Background and Objectives: Today, it is common to use multimedia in foreign language teaching. There are some principles for designing multimedia that would reduce task cognitive load. These principles are based on the cognitive load theory. The methods of cognitive load measurement are divided into two categories, namely the subjective and objective measurements. NASA-TLX is an example of the subjective measurements; methods such as electroencephalography and eye-tracking are among the objective measurements. Due to the advantages of objective measurements, using these methods is common in cognitive studies. Eye-tracking technology can record different eye-movements of humans such as pupil dilation, saccades, fixations, blinks and microsaccades with a high sampling rate. These measurements are being widely used in cognitive and mental workload studies. In this paper, the cognitive load in multimedia language learning has been evaluated, using eye-tracking data analysis.
Methods: Two multimedia versions for teaching English were produced with the same narration and the length of 342s. In one version, the principles in designing multimedia were applied whereas in the other version, they were violated so that more cognitive load in comparison to the former version could be imposed. Ten subjects whose English listening comprehension was assessed with a simulation of the International English Language Testing System (IELTS) participated in the experiment and were randomly divided into two equal groups of five. The two groups were homogeneous with respect to their listening proficiency. One group watched the multimedia without principles while the other group watched the multimedia with principles. Then, each individual answered 12 multiple choice questions about the concepts presented in the multimedia as a performance test. During watching the multimedia and taking the performance test, the participants’ eye movement data were recorded. Then, each person filled out the NASA-TLX Questionnaire. Based on the results of the performance test and the NASA-TLX, the difficulty level of the multimedia without principles as compared to its version with principles was evaluated. The collected data were divided into blocks of 30 seconds.
Findings: Based on the NASA-TLX, the group who watched multimedia without principles experienced more cognitive load in comparison to the group who watched multimedia with principles, which approved our assumption about the higher load of the multimedia without principles. However, no significant difference was found in the results of the performance test between the two groups. According to statistical analyses, the pupil diameter, saccade length, saccade velocity, blink latency, and microsaccade amplitude in the multimedia blocks of both groups were significantly different. Nevertheless, no significant difference was found between the two groups in terms of the fixation time, the fixation rate, and the microsaccade rate.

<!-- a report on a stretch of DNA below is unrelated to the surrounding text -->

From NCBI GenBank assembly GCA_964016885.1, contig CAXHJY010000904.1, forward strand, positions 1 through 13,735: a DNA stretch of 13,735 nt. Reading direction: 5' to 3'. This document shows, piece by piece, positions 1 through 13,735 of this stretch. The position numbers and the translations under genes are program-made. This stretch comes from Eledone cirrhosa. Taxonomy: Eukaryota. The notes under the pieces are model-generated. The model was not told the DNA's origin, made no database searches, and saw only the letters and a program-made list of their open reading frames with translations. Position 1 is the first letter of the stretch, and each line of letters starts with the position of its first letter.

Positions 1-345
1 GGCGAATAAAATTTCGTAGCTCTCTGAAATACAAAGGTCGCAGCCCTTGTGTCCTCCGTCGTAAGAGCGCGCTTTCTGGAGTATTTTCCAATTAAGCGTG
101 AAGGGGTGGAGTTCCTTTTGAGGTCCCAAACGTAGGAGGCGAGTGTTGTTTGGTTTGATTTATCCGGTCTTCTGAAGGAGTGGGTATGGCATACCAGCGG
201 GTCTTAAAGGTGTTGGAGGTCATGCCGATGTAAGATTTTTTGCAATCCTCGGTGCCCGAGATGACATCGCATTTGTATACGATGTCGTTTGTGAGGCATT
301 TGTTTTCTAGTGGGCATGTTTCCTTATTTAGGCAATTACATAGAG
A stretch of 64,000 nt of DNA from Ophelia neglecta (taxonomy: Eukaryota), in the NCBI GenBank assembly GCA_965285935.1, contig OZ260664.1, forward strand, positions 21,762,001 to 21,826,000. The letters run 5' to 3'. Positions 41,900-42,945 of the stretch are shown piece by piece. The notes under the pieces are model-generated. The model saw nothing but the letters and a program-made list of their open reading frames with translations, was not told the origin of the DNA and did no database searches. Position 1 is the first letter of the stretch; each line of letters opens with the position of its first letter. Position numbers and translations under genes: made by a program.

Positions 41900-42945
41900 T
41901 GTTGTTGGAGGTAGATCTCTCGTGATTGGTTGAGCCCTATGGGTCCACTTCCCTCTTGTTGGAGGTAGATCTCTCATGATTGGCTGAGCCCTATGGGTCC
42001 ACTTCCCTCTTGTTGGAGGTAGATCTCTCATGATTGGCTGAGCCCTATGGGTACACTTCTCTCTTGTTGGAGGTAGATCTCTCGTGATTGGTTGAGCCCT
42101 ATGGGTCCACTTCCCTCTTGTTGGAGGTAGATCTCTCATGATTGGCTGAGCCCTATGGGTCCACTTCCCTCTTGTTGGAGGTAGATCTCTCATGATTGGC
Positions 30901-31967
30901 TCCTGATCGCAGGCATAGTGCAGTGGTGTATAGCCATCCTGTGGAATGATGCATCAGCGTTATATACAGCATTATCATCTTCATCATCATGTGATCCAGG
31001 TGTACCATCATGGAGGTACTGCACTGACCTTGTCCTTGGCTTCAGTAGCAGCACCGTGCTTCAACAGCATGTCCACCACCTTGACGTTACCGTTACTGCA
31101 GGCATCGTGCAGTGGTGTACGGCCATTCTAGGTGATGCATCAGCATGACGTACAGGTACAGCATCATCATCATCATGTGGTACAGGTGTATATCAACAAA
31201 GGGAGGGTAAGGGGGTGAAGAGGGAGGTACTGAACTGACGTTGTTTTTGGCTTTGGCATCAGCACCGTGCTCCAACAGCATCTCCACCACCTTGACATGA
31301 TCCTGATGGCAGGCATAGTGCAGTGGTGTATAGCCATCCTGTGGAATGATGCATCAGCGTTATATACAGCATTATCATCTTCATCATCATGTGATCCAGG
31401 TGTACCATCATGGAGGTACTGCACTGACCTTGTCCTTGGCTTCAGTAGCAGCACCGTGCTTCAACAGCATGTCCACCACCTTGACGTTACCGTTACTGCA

Conclusion: Based on the findings of this study, pupil dilation, saccade length, saccade velocity, blink latency, and microsaccade amplitude have a significant relationship with the amount of the load imposed by the instructional multimedia which corresponds to the literature review of the study. Based on the results of this study, along with the subjective methods, eye movement data can also be considered as an appropriate tool for assessing the cognitive load imposed by multimedia learning and qualifying the multimedia instructional content. A significant difference was also found between the two groups in the study in terms of their blinking rate. More investigation and different experiments are needed for examining other eye movement criteria that have been investigated in this study, including fixation time, fixation rate, and microsaccade rate so that a more definitive conclusion would be reached regarding a significant relationship between these parameters and the mental load imposed by the multimedia English teaching.
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